Article Text


Respiratory physiology: old and new concepts
P132 Carbon dioxide sensitivity in patients with hyperventilation syndrome
  1. K A Bazin1,
  2. S Moosavi2,
  3. K Murphy1,
  4. A Perkins2,
  5. M Hickson1,
  6. L S Howard1
  1. 1Imperial College Healthcare NHS trust, London, UK
  2. 2Imperial College London, London, UK


Background Many body systems may be affected by chronic hyperventilation and symptoms may be wide-ranging. There is no obvious cause, no gold standard test and not all patients with Hyperventilation Syndrome (HVS) demonstrate characteristic low resting PaCO2. No previous studies were found that reported the breath-hold time of HVS subjects at functional residual capacity, subjects' end-tidal carbon dioxideat the breakpoint of breath-hold, the subjective experience of breath-hold or the effect of carbon dioxide inhalation on the perception of breathing discomfort in HVS subjects.

Methods Five HVS patients, diagnosed by a respiratory physician, with no organic cause for breathlessness and referred for physiotherapy assessment (females, aged 21–70) and five healthy controls (females, aged 21–28) were studied. Breath-hold tests at total lung capacity (TLC) and functional residual capacity (FRC). Incremental inhalation of CO2 was performed, whilst breathing frequency and volume was unconstrained (‘free’) and when ‘fixed’ by a breathing circuit and metronome. Components of minute ventilation were recorded via inductive plethysmography, in addition to end-tidal carbon dioxide (PETCO2). A 100-mm visual analogue scale (VAS) was used to obtain a measure of breathing discomfort during breath-hold tests and CO2 inhalation. The breathlessness experience associated with each CO2 inhalation was assessed with the previously-published D-12 questionnaire.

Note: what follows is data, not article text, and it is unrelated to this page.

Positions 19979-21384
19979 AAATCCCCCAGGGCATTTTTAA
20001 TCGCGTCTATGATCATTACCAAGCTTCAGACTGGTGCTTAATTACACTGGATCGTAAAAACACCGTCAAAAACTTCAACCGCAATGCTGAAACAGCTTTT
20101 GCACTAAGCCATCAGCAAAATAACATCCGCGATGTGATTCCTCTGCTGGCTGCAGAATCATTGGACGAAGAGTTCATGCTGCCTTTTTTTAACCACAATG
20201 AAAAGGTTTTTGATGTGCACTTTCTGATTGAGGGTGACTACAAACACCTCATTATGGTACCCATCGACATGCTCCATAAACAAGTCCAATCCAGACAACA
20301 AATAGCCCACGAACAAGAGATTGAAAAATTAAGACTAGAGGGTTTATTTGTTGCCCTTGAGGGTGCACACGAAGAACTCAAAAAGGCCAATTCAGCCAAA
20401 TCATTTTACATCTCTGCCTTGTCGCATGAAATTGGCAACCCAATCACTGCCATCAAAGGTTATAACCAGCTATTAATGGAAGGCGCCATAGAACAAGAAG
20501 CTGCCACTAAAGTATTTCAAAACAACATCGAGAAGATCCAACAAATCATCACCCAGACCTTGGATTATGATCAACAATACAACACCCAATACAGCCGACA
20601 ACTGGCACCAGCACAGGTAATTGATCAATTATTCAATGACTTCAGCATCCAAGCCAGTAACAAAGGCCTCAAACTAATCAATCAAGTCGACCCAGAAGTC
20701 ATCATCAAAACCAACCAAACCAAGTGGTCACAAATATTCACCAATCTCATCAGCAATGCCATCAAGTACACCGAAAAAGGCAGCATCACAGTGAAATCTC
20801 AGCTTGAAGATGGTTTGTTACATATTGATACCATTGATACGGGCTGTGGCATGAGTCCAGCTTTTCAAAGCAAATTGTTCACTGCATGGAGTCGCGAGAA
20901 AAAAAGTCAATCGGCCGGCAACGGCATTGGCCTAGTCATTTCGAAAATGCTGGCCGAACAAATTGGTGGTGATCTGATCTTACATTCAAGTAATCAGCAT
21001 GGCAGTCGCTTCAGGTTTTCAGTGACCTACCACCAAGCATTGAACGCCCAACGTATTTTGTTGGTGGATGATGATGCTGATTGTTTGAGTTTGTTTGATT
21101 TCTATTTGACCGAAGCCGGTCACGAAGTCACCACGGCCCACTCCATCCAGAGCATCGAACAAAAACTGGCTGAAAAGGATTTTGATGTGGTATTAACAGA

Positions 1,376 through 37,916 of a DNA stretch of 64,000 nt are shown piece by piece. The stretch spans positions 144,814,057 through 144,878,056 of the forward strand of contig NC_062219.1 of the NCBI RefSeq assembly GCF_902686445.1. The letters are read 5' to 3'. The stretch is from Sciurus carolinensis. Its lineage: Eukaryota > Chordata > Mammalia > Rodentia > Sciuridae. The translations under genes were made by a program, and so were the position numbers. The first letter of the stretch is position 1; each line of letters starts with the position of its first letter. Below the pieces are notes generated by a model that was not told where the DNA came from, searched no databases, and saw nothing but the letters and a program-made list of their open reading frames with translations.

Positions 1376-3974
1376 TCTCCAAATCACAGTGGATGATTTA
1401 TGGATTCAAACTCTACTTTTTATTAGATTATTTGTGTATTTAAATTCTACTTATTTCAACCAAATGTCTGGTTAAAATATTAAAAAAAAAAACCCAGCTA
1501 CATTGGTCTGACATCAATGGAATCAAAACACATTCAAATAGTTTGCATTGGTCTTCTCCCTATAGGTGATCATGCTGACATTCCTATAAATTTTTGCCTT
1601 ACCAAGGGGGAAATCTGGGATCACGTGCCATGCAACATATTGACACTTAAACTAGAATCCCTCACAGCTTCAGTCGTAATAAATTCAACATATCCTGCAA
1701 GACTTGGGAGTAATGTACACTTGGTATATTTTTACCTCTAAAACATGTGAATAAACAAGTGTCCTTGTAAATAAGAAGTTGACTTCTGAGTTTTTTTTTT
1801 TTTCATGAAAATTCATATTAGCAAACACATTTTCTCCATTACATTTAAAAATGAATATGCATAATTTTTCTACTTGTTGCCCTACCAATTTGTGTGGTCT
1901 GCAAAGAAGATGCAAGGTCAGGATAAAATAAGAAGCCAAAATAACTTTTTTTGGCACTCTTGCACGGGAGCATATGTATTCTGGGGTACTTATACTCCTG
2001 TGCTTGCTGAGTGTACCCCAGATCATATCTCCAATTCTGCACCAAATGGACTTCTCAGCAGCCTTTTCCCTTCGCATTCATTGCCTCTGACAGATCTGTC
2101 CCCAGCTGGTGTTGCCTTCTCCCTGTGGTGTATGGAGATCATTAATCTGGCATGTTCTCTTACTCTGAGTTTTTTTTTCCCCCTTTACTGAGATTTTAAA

Results The HVS group demonstrated a lower breath-hold time at TLC (32 vs 68 s, p=0.03) and could not hold their breath at FRC compared with controls. During the incremental CO2 inhalation tests there was a borderline significant increase in PETCO2 at the limit of tolerance in the HVS group during free breathing (1.5 kPa, p=0.07), but not fixed (2 kPa, p=0.1). Controls described feelings of air hunger following both inhalation tests: HVS patients tended to rate higher on work and effort descriptors.

Conclusions These data suggest that patients with HVS may be more sensitive to changes in CO2 than controls. Breath-hold time at TLC and FRC may also be useful identifying patients with HVS and monitoring response to physiotherapeutic intervention. Breakpoint PETCO2 during incremental CO2 inhalation requires further validation in larger cohorts.

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